Wednesday
May302018

Some S.C. Gubernatorial Candidates Still Flush with Cash

COLUMBIA, S.C. (AP) - One of Gov. Henry McMaster's Republican challengers has more than $1 million on hand heading into the final two weeks of the primary campaign.

That's according to filings posted this week by former state public health director Catherine Templeton. State Ethics Commission records show McMaster has $770,000 on hand.

The governor outraised Templeton during the second-quarter filing period, bringing in more than $300,000. Templeton reported raising more than $243,000 since April. Both campaigns have been running television ads in heavy rotation.

John Warren, another of McMaster's challengers, had more than $704,000 cash on hand. The Greenville businessman has contributed several million dollars to his own campaign.

None of the three Democratic candidates have filed second-quarter numbers yet.

Wednesday
May302018

Former Anderson Educator to Head Rome County, Ga., Schools

Former Anderson County Educator Jeff Wilson has been named the new superintendent of the Floyd County School system in Georgia. Wilson, an Anderson native, is currently superintedent of White County, Georgia schools. Wilson previosly served as assistant superintendent of curriculum at Anderosn County School District Five.

While introducing himself to principals and administrators Tuesday morning after being voted in as the new superintendent for Floyd County Schools, Dr Wilson made it clear to all in the room relationships are the core of everything a school system does.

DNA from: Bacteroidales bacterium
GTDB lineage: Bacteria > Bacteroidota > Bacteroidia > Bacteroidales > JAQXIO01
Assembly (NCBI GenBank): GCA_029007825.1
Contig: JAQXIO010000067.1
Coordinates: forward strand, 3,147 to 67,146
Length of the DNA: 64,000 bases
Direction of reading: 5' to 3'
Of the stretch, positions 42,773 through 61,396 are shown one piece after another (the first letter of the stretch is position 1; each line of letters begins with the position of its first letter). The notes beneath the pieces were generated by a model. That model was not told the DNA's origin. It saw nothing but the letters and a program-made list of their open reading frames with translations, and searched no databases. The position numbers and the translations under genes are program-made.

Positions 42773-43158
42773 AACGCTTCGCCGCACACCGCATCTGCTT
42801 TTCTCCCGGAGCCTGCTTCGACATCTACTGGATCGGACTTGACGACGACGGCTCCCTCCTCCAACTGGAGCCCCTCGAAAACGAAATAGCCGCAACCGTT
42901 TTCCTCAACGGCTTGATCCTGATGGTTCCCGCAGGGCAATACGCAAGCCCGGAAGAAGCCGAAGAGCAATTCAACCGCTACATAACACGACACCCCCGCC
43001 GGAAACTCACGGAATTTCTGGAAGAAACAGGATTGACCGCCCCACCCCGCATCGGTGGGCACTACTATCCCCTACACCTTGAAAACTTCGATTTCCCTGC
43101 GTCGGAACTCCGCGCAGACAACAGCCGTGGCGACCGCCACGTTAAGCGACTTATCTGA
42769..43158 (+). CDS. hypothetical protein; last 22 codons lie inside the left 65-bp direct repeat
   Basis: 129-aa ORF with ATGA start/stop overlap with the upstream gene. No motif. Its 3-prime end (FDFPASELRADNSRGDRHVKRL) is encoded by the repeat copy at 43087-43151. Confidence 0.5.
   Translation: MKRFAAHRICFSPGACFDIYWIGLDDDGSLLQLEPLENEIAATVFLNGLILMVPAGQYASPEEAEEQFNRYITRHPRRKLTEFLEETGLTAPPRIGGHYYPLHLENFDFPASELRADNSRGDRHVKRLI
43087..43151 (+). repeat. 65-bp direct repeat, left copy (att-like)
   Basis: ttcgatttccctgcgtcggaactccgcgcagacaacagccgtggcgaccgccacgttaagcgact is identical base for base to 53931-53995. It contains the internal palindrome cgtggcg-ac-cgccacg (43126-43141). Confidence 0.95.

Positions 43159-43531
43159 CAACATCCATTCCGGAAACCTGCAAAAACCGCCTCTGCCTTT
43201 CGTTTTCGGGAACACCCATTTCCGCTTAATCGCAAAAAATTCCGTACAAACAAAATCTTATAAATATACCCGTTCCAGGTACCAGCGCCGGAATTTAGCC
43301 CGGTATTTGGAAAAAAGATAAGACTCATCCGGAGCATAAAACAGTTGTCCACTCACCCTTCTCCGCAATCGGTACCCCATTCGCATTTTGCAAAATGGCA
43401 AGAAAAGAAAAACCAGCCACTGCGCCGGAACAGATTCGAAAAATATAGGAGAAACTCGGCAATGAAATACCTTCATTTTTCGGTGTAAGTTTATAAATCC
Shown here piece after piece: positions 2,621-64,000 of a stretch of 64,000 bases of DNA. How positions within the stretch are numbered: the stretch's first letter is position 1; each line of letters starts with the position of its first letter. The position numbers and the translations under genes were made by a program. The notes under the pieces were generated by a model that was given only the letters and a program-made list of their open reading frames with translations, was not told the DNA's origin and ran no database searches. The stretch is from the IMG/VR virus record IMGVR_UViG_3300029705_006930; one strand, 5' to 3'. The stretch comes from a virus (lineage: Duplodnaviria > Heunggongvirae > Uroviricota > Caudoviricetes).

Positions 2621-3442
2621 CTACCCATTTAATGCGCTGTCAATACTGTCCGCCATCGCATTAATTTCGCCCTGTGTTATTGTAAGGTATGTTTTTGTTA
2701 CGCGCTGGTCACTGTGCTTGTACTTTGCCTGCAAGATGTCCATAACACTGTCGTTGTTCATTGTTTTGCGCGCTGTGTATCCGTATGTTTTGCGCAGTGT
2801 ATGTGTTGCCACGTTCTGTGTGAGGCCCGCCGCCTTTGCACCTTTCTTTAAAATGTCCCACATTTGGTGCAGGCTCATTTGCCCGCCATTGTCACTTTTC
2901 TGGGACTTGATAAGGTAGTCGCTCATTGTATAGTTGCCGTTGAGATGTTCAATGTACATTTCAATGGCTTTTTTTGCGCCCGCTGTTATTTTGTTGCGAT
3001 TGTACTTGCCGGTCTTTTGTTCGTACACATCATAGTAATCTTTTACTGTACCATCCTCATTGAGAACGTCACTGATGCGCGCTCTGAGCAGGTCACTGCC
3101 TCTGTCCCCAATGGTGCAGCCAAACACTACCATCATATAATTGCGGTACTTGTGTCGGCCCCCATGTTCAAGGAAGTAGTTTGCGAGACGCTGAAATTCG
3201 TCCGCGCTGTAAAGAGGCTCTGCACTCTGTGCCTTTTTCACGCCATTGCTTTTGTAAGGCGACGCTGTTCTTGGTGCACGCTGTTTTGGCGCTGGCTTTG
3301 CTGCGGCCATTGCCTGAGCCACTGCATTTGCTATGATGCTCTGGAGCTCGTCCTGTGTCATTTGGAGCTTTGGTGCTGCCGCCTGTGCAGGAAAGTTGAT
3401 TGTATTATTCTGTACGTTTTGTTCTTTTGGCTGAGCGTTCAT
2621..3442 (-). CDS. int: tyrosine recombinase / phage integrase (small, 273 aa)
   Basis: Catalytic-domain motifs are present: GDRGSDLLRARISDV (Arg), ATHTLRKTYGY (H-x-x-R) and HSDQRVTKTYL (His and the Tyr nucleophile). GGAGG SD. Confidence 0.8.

“I think it begins and ends with relationships and I’m looking forward to having those relationships with you,” Wilson said after introducing himself following the board’s vote.

Wilson, who has been the superintendent of White County Schools for the last seven years, was the only superintendent finalist from outside the system. The other two finalists were Deputy Superintendent April Childers and Director of Student Services Glenn White.

The hiring of Wilson concludes a three-month long search by the board for the person to replace the retiring Superintendent John Jackson, who plans to leave June 30. Wilson said he tentatively plans to start his new role July 1, but he still has to handle the move from Cleveland with his wife, he said.

“The board felt any of these three candidates would be great in leading Floyd County Schools,” Board Chairman Chip Hood said before making a motion to hire Wilson.

Board member Melinda Jeffers said the final decision was a challenging one for board members and they had to go into it with an open mind. She said Childers and White are extremely valued by the system. Ultimately, she said Wilson made an immediate connection with board members, and his success in leading a charter school system with a 95 percent graduation rate and a top 15 CCRPI rating spoke for itself.

“I feel like I’ve known him for a long time,” Jeffers said, adding his “out-of-the-box thinking” is a definite asset for the continued progress in the system.

“This was not a decision we took lightly,” Board Vice Chairman Tony Daniel said, after speaking to the 30-plus candidates of varied experience who applied.  “We definitely had the system in our hearts.”

Wilson was drawn to Floyd County through its reputation for having a dedicated and student-focused staff.